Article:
Technical writing should not read like poetry or a riveting fictional novel, because it is typically not something that people like to read in their free time. It is work related and should be highly focused. If you have successfully decluttered and kept it short, it should already be technical. Keep an eye out for rambling sentences. Look for places where quantitative values could improve the impact of the writing. Ask yourself, what is the main point (or points) that I want my audience to walk away with? Make each point as briefly and quantitatively as possible. Then proofread, proofread, proofread.

This article was written by Sherrie Elzey, Ph.D., a chemical engineer and freelance technical writer/editor. Sherrie has a background in nanoscience and nanotechnology research, with experience in academia, government, and industry positions.

Advertisements

How to Write a Research Paper

February 11, 2013

For a scientist, if you don’t publish your results, it may as well not exist.  Communicating the results of your experiments is crucial, so others in your field can learn from, repeat, and expand on your work.  While there are a wide variety of journals and other publication venues from which to choose, the actual process of writing a paper varies little between them.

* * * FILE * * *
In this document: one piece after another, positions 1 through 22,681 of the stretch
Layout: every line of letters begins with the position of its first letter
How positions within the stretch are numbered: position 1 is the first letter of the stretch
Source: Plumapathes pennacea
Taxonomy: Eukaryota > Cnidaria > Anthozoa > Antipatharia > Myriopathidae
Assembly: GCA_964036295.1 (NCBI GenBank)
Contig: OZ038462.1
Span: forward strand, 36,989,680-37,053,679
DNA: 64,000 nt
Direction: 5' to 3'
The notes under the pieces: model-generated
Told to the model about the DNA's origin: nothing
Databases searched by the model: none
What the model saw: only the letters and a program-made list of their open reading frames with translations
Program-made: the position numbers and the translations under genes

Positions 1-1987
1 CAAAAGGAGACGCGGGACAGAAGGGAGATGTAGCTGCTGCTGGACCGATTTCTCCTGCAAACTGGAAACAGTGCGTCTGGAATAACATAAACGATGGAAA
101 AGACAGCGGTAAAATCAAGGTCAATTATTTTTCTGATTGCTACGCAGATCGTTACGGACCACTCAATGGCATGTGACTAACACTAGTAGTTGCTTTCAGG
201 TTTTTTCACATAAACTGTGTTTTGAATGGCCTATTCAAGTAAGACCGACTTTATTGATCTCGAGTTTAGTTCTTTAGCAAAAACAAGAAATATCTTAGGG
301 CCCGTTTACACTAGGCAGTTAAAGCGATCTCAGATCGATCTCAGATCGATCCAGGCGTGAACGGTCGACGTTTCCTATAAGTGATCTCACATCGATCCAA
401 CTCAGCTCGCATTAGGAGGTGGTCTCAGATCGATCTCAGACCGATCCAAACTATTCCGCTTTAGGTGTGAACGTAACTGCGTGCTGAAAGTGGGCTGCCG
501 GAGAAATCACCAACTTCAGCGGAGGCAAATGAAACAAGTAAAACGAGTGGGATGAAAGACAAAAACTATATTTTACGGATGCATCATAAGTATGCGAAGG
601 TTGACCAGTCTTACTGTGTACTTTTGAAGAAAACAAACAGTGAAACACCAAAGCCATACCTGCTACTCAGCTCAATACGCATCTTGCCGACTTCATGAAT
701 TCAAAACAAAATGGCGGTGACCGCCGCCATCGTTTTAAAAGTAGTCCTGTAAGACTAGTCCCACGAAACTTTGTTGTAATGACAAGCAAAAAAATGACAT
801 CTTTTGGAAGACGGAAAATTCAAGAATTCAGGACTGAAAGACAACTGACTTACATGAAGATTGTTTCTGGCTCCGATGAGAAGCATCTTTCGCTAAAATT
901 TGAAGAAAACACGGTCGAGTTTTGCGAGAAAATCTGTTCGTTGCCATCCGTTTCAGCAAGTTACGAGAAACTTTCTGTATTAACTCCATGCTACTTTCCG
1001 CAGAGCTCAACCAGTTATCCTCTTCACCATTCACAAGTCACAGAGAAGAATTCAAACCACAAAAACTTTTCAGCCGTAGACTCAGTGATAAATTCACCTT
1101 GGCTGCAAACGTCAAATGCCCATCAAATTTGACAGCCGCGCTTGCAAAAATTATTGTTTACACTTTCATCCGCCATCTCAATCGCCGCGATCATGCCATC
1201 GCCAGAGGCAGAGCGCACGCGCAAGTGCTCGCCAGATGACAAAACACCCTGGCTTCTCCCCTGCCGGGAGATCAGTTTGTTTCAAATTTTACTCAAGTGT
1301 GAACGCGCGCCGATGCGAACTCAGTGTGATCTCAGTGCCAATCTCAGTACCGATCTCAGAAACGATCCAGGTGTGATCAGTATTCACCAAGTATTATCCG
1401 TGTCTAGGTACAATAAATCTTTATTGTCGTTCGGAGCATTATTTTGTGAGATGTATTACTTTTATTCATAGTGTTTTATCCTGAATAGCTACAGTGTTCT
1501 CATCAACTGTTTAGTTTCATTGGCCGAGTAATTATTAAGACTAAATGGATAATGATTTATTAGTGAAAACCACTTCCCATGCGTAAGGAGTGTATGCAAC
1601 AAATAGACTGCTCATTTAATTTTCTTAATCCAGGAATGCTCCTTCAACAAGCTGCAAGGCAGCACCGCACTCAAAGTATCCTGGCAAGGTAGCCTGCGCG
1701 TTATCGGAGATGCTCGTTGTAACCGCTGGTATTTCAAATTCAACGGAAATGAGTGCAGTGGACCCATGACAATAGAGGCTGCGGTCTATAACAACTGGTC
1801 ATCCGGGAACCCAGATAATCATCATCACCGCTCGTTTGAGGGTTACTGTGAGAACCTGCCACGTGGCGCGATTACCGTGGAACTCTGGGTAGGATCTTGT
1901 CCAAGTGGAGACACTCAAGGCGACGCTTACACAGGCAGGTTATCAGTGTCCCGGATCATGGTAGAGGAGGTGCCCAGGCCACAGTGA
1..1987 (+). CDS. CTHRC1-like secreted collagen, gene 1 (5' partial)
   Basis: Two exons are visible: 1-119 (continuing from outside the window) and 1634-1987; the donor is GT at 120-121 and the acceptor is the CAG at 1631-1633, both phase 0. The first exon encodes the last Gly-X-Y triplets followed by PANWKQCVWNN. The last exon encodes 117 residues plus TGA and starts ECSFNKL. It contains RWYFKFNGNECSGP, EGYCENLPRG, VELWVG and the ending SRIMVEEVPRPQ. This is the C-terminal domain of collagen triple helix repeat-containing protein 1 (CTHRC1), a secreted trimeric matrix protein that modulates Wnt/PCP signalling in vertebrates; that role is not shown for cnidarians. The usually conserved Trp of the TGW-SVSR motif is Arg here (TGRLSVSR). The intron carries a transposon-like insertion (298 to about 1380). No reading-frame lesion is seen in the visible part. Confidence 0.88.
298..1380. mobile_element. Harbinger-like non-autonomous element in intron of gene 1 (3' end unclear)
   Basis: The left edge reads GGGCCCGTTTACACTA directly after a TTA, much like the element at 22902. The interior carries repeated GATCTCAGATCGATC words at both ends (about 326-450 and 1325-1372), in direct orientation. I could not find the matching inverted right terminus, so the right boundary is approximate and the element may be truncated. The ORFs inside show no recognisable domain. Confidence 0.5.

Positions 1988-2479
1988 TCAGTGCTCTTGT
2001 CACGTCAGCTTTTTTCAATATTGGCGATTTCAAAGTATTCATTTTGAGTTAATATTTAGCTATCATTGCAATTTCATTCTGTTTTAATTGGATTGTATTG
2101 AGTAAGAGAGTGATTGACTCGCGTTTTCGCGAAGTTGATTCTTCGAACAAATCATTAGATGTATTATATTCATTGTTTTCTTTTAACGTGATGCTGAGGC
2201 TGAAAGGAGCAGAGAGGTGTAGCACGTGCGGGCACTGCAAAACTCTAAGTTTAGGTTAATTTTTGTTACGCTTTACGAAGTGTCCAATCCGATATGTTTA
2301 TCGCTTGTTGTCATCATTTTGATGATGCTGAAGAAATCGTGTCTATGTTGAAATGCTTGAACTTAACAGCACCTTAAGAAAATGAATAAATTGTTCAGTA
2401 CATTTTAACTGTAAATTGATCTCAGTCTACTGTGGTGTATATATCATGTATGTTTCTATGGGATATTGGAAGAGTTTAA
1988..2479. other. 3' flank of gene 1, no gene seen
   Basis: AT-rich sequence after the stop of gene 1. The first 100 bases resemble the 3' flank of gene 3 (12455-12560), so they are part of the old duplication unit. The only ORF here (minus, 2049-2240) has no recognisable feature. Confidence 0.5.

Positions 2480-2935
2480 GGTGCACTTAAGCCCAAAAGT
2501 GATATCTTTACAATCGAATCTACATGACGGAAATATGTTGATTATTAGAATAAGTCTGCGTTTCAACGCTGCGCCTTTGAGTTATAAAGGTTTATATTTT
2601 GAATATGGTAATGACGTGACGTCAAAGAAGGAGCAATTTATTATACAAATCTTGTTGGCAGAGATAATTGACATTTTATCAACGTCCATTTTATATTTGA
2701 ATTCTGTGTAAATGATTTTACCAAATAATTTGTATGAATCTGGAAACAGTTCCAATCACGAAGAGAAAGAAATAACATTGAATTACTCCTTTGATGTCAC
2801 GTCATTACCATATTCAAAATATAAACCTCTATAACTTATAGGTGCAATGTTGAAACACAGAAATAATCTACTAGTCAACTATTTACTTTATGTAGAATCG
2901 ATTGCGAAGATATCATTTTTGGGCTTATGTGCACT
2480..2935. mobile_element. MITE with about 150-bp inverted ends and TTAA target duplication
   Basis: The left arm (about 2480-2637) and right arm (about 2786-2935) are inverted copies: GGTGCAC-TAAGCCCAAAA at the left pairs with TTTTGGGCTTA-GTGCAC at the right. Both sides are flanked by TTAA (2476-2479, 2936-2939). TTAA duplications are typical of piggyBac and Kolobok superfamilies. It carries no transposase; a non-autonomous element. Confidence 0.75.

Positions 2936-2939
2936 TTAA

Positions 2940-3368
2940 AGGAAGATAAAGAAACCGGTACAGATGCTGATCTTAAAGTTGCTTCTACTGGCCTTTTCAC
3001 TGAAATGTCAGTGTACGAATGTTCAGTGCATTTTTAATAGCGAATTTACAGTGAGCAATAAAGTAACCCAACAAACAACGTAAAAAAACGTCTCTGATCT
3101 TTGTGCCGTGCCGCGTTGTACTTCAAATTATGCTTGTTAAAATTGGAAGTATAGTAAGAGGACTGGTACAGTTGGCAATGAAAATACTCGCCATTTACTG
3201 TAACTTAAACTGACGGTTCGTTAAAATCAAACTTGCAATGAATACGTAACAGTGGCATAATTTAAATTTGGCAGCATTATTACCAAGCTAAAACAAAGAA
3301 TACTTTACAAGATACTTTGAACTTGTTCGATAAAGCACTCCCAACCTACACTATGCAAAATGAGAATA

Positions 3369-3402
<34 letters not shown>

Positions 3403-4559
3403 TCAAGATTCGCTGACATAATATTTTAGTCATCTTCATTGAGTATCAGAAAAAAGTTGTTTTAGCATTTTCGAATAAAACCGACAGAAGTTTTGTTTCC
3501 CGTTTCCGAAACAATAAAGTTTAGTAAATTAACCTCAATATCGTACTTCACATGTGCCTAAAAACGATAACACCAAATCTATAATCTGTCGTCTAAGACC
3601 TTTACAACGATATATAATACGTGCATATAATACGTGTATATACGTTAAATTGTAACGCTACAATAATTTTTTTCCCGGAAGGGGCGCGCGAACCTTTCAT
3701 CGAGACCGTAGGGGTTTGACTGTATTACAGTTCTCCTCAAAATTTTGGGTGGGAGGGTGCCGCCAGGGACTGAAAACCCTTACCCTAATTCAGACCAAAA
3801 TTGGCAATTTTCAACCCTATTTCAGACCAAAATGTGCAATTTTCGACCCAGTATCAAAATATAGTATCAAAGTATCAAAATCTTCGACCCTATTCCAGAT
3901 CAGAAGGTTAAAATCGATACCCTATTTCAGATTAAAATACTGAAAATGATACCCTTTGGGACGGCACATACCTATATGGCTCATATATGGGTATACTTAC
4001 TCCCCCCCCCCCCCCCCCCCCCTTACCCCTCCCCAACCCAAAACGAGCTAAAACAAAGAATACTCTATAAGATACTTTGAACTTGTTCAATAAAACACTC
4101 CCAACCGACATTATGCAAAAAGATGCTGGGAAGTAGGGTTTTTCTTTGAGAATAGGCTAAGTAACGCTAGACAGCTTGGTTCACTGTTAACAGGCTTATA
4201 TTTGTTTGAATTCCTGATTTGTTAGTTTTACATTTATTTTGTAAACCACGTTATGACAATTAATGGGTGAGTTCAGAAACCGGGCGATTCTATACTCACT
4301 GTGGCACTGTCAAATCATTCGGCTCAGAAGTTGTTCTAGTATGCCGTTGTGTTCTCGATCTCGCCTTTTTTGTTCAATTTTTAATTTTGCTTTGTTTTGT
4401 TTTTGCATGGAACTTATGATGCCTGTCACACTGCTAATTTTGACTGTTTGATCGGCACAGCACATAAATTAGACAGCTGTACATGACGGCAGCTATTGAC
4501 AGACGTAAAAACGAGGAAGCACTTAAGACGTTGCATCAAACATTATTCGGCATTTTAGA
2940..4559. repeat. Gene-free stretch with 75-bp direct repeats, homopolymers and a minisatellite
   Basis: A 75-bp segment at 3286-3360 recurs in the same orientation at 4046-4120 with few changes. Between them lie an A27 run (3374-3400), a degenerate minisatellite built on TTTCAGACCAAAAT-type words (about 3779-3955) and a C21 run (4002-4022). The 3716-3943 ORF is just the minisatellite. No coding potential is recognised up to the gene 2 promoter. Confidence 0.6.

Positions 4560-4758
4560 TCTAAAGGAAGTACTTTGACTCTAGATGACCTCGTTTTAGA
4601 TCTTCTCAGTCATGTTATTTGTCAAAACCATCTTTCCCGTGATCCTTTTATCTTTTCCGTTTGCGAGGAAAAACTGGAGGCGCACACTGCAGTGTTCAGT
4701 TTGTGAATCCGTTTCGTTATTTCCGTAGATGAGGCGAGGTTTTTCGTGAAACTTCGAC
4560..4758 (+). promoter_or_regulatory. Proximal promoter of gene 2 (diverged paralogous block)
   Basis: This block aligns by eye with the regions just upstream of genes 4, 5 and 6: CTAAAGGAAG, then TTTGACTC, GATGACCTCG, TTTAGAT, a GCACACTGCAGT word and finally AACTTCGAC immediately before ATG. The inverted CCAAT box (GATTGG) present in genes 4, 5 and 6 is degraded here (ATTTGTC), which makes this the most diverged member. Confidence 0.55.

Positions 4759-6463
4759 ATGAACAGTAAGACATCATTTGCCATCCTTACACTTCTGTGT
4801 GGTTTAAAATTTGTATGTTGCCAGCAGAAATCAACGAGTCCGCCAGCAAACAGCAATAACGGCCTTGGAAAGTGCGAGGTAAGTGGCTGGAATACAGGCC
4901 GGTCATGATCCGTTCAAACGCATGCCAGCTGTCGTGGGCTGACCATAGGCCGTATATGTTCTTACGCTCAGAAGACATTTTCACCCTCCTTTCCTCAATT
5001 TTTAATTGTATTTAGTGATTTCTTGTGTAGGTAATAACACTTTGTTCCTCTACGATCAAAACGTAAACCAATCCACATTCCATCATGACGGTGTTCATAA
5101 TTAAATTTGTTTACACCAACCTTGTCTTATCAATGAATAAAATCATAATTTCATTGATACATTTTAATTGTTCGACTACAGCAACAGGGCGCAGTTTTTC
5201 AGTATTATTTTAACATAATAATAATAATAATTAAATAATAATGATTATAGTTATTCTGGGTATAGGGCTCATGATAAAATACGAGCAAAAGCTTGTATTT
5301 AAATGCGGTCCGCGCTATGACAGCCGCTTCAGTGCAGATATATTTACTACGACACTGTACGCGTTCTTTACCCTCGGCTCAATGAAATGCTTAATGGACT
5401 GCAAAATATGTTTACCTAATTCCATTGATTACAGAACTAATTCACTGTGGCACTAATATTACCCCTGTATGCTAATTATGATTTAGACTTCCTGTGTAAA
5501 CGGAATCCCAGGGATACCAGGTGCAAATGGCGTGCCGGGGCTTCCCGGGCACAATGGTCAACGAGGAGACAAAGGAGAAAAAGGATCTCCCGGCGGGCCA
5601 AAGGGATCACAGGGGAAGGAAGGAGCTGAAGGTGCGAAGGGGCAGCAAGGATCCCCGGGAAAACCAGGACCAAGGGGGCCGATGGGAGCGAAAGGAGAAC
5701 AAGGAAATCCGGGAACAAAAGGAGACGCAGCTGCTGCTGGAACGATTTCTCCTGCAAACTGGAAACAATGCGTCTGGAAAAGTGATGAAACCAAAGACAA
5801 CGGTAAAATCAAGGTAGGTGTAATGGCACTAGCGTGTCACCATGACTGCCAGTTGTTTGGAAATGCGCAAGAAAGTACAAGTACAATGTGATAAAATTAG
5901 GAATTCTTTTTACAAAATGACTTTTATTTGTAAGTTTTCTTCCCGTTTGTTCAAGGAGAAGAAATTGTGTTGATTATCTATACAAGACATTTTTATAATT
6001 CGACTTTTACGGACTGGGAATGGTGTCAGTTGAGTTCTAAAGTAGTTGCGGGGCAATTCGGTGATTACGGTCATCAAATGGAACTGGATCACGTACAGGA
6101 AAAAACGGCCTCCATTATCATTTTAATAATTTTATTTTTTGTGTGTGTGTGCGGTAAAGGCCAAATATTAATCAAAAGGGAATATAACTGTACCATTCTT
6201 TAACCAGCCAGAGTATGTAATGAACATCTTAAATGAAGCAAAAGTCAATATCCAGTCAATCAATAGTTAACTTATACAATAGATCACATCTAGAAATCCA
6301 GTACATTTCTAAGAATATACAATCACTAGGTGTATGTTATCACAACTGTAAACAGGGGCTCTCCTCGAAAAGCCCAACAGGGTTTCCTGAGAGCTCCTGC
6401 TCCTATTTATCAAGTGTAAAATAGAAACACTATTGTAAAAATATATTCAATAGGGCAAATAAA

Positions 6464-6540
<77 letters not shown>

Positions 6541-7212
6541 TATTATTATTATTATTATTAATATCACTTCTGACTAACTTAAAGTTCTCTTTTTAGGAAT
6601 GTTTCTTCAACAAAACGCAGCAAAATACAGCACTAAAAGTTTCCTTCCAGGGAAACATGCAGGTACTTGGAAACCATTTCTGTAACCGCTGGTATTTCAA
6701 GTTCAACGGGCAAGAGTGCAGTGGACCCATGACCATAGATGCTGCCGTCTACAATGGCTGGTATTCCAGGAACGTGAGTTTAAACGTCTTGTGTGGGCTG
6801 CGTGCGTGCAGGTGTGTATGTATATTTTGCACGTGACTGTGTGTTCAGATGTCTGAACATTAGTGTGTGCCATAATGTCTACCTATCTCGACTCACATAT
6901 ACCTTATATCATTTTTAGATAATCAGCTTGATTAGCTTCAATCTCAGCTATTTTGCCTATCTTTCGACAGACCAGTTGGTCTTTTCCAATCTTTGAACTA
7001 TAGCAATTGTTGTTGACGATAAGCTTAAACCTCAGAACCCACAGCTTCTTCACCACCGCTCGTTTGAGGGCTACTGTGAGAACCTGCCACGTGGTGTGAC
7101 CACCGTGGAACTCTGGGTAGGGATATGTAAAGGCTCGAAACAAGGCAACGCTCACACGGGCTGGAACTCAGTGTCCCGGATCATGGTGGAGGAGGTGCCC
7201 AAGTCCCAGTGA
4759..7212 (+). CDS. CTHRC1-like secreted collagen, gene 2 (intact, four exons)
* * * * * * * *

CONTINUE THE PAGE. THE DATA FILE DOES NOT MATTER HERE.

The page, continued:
Professor Peter D. Battle, an inorganic professor at Oxford University, recently shared the process he uses to write a research paper with a group of students at Edinburgh University, and kindly allowed me to share his process here as well.

When, Where, Who, What and Why

Obviously, the first step is to decide when you have enough data to publish, where you will publish it, who the authors will be, and exactly what will and will not be included in this particular article.   (Why we publish is left as an exercise for the reader.)  In general, you need to learn what the smallest publishable unit is to allow your article to be published in a journal with a high impact factor.  Impact factor is a numerical score that measures the average number of times an article in that journal is cited in other articles, a commonly used measure of prestige.

Read the Directions

Every journal has instructions to authors, usually available on their website.  Once you’ve targeted a journal for submission, download their instructions and follow them exactly.  There is no easier way to guarantee rejection than by not following the prescribed format.

Start with Figures

Professor Battle starts the writing process by creating the figures and tables that will accompany the article.  Collecting all the data makes it quite obvious if data are missing, when there is still time to go back to the lab and do another experiment. The table and figure titles should be both informative and detailed, with the font size in the figures about double that used for article text.  Color can add clarity to the data, but can also increase publication costs.  You may want to create three separate versions of each figure – one for black and white printing (with symbols), one for color printing (with colored lines), and one for use in oral or poster presentations (with even larger titles and less explanatory text).

Experimental